1 July 2014
Antihistamines may be next blockbuster anti-cancer drug
by Will Parker
Scientists have established a connection between two diseases that aren't commonly linked: allergy and cancer. The new research, published in the The Journal of Leukocyte Biology, shows that antihistamines appear to have "significant" anti-cancer properties. Specifically, antihistamines were found to interfere with the activity of myeloid derived suppressor cells, which are known to reduce the body's ability to fight tumors.
To make the discovery, researcher Daniel H. Conrad (Virginia Commonwealth University) and colleagues worked with two groups of mice. The first group of mice was infected with rodent intestinal helminths to stimulate a strong allergic response. Then they were injected with myeloid derived suppressor cells and treated with anti-histamines (cetirizine or cimetidine). Conrad said the treatment with anti-histamines reversed the effects of the myeloid derived suppressor cells.
The second group of mice had tumors and were injected with myeloid derived suppressor cells and treated with the antihistamine, cimetidine. In this group, the antihistamine also reversed the enhanced tumor growth normally seen with myeloid derived suppressor cell injection.
Finally, the scientists examined blood from humans with allergy symptoms (typically associated with increased histamine release). The scientists found that these patients had increased circulating myeloid derived suppressor cells over non-allergic controls.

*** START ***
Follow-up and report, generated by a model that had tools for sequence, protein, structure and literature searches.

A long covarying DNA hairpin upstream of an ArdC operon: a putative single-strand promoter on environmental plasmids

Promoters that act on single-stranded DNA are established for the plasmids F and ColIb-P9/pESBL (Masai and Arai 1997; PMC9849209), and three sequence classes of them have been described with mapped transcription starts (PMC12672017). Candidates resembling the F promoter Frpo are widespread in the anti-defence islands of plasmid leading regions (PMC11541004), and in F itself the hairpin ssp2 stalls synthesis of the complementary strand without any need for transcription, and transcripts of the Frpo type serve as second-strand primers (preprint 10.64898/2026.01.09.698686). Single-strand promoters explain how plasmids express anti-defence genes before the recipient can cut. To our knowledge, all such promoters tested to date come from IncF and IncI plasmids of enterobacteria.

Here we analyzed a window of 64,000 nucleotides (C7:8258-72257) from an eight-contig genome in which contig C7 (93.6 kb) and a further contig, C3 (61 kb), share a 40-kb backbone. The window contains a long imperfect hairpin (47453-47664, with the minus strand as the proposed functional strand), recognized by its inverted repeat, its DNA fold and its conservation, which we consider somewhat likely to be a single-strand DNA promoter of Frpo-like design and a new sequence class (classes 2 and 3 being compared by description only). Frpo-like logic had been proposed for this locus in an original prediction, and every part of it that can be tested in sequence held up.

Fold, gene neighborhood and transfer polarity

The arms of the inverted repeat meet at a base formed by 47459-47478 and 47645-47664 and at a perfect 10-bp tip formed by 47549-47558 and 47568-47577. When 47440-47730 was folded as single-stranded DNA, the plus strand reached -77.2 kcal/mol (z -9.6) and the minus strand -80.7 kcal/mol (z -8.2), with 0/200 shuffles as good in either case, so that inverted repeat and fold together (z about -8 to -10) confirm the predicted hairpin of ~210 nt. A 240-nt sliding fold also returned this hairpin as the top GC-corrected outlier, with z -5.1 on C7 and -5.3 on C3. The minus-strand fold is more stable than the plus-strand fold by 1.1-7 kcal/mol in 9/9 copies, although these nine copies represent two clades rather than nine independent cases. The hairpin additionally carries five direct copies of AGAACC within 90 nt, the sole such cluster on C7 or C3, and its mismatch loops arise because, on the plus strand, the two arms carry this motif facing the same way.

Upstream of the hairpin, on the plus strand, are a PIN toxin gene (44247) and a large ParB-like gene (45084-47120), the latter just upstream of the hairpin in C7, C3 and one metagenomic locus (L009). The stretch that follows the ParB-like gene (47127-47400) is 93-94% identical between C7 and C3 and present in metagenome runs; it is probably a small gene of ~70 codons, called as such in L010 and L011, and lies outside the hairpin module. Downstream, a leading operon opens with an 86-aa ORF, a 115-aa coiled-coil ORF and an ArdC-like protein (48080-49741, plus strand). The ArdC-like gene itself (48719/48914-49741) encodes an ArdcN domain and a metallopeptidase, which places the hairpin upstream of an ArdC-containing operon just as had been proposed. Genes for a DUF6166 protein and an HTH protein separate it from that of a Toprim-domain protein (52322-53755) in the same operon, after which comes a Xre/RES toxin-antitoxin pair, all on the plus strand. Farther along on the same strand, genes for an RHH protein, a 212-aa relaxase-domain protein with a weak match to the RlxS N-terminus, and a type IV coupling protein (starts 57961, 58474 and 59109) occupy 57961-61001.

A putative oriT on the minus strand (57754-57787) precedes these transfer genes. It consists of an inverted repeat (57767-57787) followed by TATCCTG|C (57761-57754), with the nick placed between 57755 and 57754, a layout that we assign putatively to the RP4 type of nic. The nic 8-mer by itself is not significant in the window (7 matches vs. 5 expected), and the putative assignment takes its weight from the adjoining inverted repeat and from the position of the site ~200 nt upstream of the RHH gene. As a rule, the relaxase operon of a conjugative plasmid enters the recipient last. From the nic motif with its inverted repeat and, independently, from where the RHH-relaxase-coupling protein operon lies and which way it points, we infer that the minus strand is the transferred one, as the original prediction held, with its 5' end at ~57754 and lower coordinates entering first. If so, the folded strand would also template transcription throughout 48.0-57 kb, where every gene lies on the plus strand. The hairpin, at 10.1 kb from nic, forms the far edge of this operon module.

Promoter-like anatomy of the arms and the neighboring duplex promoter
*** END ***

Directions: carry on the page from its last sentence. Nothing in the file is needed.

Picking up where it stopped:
"This research is very exciting," said Conrad, "[but] it's important to realize that this connection is very novel and more research is needed before we know if antihistamines can be used effectively in cancer therapies."
"We still have much to learn about their potential benefits," added John Wherry, Deputy Editor of the Journal of Leukocyte Biology. "It is certainly not yet time to prophylactically administer antihistamines for cancer prevention, but the more we learn about myeloid derived suppressor cells, the more interesting these cells and their products become as immunotherapy targets in cancer. These new results suggest that we must be open-minded about seemingly distantly related immune mechanisms."
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